A new study led by the Victoria University of Wellington, New Zealand has found that a Samoan medicinal plant that has been used traditionally to relieve fever, aches, and “ghost sickness” (alleged cases of demonic possession), could be as effective as ibuprofen at stopping inflammation.
This medicine comes from the leaves of the matalafi tree (Psychotria insularum). “Matalafi is used in two ways in Samoa—to treat illnesses attributed to ghosts, and to treat various forms of inflammation,” said study lead author Dr. Seeseei Molimau-Samasoni, a researcher at Victoria University of Wellington, New Zealand, and the Scientific Research Organization of Samoa.
In her doctoral dissertation, Dr. Molimau-Samasoni analyzed the underlying molecular mechanism of matalafi, and continued this research in collaboration with other scientists from Victoria University. They have found that matalafi has an iron homeostasis mechanism of action, interacting with the iron within the cells of the human body, and identified two bioactive compounds – rutin and nicotiflorin – which act to bind iron in a process called iron chelation.
According to the researchers, iron chelators such as matalafi exhibit strong anti-inflammatory activity similar to that of ibuprofen, have the potential to treat iron overload associated with transfusions, and can be used as prospective agents against cardiovascular and neurodegenerative diseases, diabetes, or cancer. Moreover, matalafi leaves could also be used to treat obesity and even COVID-19.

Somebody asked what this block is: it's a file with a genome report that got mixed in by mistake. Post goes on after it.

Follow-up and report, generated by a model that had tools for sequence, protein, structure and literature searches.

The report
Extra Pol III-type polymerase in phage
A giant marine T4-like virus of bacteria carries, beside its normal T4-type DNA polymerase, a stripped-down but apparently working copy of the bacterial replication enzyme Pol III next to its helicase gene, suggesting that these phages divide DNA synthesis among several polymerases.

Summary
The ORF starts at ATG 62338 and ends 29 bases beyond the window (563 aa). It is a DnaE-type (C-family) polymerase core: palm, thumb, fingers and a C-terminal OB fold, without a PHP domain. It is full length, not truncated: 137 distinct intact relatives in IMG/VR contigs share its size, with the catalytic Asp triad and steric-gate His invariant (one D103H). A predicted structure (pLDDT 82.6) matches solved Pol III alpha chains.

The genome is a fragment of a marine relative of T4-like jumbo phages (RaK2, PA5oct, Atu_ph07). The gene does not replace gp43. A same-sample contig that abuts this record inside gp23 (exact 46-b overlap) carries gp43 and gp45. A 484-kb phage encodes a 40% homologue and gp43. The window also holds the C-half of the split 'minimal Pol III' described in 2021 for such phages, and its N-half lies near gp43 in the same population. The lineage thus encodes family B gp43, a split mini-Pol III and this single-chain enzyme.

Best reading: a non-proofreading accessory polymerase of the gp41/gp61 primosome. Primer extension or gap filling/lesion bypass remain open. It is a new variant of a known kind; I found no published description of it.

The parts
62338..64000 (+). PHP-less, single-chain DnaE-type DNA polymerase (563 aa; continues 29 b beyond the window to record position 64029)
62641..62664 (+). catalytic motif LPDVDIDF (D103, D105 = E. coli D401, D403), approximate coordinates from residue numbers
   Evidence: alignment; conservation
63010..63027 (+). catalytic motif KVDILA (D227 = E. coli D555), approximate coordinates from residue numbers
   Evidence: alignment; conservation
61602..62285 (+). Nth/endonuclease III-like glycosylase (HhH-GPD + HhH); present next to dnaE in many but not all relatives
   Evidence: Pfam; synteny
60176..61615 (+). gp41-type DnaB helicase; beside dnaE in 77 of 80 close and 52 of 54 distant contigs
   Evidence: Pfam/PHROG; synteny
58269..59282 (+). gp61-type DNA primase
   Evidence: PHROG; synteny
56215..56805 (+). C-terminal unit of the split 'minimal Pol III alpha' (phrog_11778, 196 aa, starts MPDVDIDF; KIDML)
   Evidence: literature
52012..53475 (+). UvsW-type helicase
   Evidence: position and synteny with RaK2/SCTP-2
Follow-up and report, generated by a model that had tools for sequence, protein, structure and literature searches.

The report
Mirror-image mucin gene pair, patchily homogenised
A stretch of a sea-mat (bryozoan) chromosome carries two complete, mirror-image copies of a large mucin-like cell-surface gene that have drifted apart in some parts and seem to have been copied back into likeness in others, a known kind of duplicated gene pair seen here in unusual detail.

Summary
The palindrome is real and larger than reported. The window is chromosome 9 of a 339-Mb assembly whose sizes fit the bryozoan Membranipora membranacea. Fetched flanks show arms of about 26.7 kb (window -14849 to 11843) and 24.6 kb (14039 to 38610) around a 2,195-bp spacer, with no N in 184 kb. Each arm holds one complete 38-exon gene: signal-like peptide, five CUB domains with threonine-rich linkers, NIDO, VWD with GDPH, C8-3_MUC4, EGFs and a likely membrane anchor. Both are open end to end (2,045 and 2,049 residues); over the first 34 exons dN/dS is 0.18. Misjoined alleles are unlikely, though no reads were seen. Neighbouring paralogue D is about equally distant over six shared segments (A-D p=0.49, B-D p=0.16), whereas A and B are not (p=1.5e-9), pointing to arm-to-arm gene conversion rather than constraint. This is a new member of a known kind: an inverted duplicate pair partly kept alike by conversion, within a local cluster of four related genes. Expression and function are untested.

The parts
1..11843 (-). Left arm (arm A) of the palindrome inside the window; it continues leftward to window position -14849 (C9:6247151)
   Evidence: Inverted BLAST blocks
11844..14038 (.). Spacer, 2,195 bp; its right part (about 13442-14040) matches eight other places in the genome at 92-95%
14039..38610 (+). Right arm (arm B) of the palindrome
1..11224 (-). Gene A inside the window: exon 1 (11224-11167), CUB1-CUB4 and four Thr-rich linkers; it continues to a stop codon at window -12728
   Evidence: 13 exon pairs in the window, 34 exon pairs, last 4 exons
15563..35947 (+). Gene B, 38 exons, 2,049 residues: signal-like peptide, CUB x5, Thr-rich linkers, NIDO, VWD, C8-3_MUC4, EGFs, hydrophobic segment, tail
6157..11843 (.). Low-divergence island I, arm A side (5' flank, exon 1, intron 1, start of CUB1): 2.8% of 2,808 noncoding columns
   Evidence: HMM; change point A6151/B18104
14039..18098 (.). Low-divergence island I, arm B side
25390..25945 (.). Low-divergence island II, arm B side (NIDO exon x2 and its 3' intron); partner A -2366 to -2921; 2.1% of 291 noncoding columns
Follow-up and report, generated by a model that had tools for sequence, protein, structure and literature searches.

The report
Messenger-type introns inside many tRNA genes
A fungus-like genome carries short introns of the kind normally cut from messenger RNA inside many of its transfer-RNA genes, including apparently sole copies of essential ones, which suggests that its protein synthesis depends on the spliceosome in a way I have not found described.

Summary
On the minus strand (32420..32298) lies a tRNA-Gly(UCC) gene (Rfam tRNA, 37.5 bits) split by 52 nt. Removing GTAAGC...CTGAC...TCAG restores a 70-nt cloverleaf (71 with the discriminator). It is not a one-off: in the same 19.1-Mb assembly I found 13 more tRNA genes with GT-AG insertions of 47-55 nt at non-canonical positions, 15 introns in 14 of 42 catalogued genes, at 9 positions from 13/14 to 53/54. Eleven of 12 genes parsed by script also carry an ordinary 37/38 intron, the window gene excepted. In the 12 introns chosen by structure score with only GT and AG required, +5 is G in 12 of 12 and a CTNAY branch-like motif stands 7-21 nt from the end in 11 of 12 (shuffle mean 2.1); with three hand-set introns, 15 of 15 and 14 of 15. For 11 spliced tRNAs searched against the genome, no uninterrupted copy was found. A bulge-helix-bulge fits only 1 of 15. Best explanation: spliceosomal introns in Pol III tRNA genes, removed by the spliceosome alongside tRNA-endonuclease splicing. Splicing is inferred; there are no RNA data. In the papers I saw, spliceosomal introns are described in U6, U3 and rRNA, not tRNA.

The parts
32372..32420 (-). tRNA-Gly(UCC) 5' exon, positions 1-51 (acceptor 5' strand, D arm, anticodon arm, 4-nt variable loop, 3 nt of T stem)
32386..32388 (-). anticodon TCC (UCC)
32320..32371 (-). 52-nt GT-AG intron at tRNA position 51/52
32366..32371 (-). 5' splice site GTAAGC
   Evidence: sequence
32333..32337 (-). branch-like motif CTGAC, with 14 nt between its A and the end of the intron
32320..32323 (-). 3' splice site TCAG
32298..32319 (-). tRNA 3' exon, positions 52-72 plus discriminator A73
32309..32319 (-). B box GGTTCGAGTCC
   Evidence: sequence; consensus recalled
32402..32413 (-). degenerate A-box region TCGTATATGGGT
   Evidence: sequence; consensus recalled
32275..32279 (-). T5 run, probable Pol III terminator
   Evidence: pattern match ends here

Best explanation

“Our findings also highlighted the sensitivity of the RIM101 gene deletion to the P. insularum homogenate. This gene is a major regulator of lipotoxicity (cell death due to lipid toxicity), which underlies obesity. Also, molecular studies published last year predicted rutin as a strong contender in inhibiting the viral replication of the SARS-CoV-2 virus that causes COVID-19,” explained study co-author Dr. Andrew Munkacsi, a senior lecturer in Biology at the University of Wellington.
“This project is unique in integrating traditional knowledge with different types of biological and chemical methodologies,” said Dr Molimau-Samasoni. “Our research is also remarkable for the integration of the indigenous researcher–community engagement, which has not always been the case with previous studies of Samoan traditional medicine by commercial researchers,” added study co-author Dr Helen Woolner, a biologist at the University of Wellington.
The study is published in the journal Proceedings of the National Academy of Sciences.